New Mapping and Interpretations of the Mount Lyell Mining District, Tasmania: A Large Hybrid Cu-Au System with an Exhalative Pb-Zn Top
|Category||Economic geology & mineral exploration|
|Location||proceeding of economic geology journal 1997-2007|
|Holding Date||26 April 2008|
New detailed mapping of the Mount Lyell mines area has resulted in a better understanding of the large Cambrian volcanic-hosted alteration-mineralization system. The mapping integrates the exhalative top and silica-rich upper part of the system at Lyell Comstock, the large displaced mass of silica-rich schists with high-grade bornite ores at North Lyell, and the deeper levels of the system exemplified by the low-grade Prince Lyell deposit. The 6-km-long alteration system has a core zone of pyrite-rich sericite-chlorite-silica schists, which contains most of the copper orebodies, flanked by marginal zones of pyrite-poor sericite and chlorite schists. The alteration has been focused along the Great Lyell fault, a major reverse-type growth fault, which forms the contact between the volcanic rocks and the younger (Late Cambrian) siliciclastic conglomerate sequence of the Owen Group.
Small lead-zinc-rich massive sulfide lenses, together with lenses of fossil-rich limestone, characterize the exhalative zone, which is hosted within submarine volcaniclastic breccias and sandstones in the basal part of the late Middle Cambrian Tyndall Group at Comstock. The upper part of the alteration zone immediately below this is characterized by numerous cherty silica masses or heads contained within sericite-pyrite-silica schists, culminating in the very large Comstock chert body that appears to have formed a siliceous cap to the system. Ore lenses of disseminated chalcopyrite-pyrite, with some bornite, were located below the silica cap.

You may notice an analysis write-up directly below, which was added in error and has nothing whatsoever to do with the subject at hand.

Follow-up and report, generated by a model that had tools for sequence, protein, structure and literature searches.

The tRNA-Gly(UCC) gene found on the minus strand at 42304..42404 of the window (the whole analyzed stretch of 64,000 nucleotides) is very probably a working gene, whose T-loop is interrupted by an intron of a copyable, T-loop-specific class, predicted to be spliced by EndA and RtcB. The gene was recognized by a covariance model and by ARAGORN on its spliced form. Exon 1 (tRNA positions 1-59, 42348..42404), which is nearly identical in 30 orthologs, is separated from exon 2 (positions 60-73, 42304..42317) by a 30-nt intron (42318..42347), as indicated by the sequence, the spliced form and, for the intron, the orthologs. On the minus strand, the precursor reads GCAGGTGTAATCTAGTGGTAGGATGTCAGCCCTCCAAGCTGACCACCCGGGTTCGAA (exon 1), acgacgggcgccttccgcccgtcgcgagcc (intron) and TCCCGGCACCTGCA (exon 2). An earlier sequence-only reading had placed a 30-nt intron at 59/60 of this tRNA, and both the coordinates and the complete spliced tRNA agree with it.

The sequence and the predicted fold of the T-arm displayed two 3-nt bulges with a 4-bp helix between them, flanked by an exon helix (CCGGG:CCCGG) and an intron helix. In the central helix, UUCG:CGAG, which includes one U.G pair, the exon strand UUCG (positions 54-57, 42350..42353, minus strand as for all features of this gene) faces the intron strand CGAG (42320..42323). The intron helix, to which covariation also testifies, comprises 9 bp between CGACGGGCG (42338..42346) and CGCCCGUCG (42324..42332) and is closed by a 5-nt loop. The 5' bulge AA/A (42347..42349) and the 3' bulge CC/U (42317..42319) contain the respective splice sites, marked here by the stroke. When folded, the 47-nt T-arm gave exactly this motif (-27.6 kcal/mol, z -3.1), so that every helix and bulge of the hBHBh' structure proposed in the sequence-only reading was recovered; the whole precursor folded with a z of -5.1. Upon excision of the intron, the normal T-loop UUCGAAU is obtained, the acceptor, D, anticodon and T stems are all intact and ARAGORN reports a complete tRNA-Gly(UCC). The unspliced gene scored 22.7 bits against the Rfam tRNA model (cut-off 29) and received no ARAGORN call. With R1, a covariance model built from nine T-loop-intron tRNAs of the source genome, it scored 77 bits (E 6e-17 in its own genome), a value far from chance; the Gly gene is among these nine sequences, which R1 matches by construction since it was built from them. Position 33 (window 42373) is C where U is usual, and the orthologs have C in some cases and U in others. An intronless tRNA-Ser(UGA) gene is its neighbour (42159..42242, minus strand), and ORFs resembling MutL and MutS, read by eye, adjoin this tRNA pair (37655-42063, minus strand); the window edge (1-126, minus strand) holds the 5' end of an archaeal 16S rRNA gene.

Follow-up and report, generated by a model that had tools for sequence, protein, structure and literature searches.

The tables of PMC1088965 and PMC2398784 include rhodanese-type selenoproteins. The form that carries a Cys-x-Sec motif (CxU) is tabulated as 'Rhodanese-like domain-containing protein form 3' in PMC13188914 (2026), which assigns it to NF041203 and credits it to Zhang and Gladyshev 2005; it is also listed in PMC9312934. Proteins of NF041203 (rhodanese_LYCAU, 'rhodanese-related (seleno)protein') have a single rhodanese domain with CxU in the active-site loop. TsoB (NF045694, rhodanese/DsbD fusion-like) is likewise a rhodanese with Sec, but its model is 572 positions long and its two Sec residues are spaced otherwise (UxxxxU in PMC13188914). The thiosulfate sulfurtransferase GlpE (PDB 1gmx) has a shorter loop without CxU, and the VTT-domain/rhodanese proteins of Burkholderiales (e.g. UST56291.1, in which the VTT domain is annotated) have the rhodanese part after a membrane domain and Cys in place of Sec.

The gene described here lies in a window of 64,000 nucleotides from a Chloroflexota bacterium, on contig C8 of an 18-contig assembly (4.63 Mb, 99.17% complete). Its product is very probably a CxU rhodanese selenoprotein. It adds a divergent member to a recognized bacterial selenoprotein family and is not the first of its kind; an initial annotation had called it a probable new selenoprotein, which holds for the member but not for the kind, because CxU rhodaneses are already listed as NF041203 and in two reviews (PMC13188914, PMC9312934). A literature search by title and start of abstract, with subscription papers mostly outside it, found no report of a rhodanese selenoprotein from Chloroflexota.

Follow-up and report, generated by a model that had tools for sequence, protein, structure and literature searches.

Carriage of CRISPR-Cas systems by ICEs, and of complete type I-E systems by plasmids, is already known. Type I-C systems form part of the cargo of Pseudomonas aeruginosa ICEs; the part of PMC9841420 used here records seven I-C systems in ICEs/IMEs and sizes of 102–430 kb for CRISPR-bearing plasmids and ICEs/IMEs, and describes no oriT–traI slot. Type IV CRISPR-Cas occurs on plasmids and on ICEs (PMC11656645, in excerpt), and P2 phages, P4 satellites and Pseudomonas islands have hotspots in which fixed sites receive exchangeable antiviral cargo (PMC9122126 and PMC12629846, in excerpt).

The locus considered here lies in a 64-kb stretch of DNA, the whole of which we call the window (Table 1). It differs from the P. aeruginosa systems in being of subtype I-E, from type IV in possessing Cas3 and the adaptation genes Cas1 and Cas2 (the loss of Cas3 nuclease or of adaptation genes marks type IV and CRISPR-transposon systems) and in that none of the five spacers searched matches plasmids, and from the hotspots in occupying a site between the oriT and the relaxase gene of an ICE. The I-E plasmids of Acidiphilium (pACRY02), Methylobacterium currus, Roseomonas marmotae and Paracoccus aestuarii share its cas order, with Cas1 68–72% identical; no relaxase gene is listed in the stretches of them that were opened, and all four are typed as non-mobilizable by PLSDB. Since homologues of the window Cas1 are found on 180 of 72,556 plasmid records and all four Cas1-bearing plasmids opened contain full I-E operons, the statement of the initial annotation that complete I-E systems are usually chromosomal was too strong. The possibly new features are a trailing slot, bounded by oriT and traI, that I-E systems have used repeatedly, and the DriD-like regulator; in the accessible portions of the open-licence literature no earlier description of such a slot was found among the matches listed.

At North Lyell, a large displaced mass of schists from the upper part of the system has numerous silica heads and a large cap-like silica body, the North Lyell chert, similar to the Comstock chert, which has been generally misinterpreted as silicified Owen conglomerate. Bornite-chalcopyrite ores were located immediately beneath this chert body, and several chalcopyrite-pyrite lenses are present at slightly deeper levels. The schist mass was apparently emplaced into the Owen basin by collapse from the scarp of the Great Lyell fault, after the alteration zone was uplifted and unroofed by erosion. The sulfide- and chert-rich mass was exposed, oxidized, and partially eroded during its slow, nappe-like emplacement, and gossan-like hematite-barite bodies and hematite-chert breccias were developed along the contact in places and interfinger with the contemporaneous Middle and Upper Owen sediments.
There appears to be a zonation in the copper ores from disseminated chalcopyrite-pyrite in the deeper levels, as at Prince Lyell, to chalcopyrite with minor bornite in the silica heads zone (exemplified by Comstock and Western Tharsis), to bornite-rich ores with lesser chalcopyrite in the upper levels against the silica cap, as at North Lyell. Pyrophyllite is associated with the bornite mineralization, which appears to represent a high-sulfidation phase, possibly associated with increased or renewed magmatic activity, rather late in the development of this large, hybrid, magmatic-seawater system. Much of the upper part of the system, probably including some rich orebodies, was apparently eroded off during deposition of the Owen Group.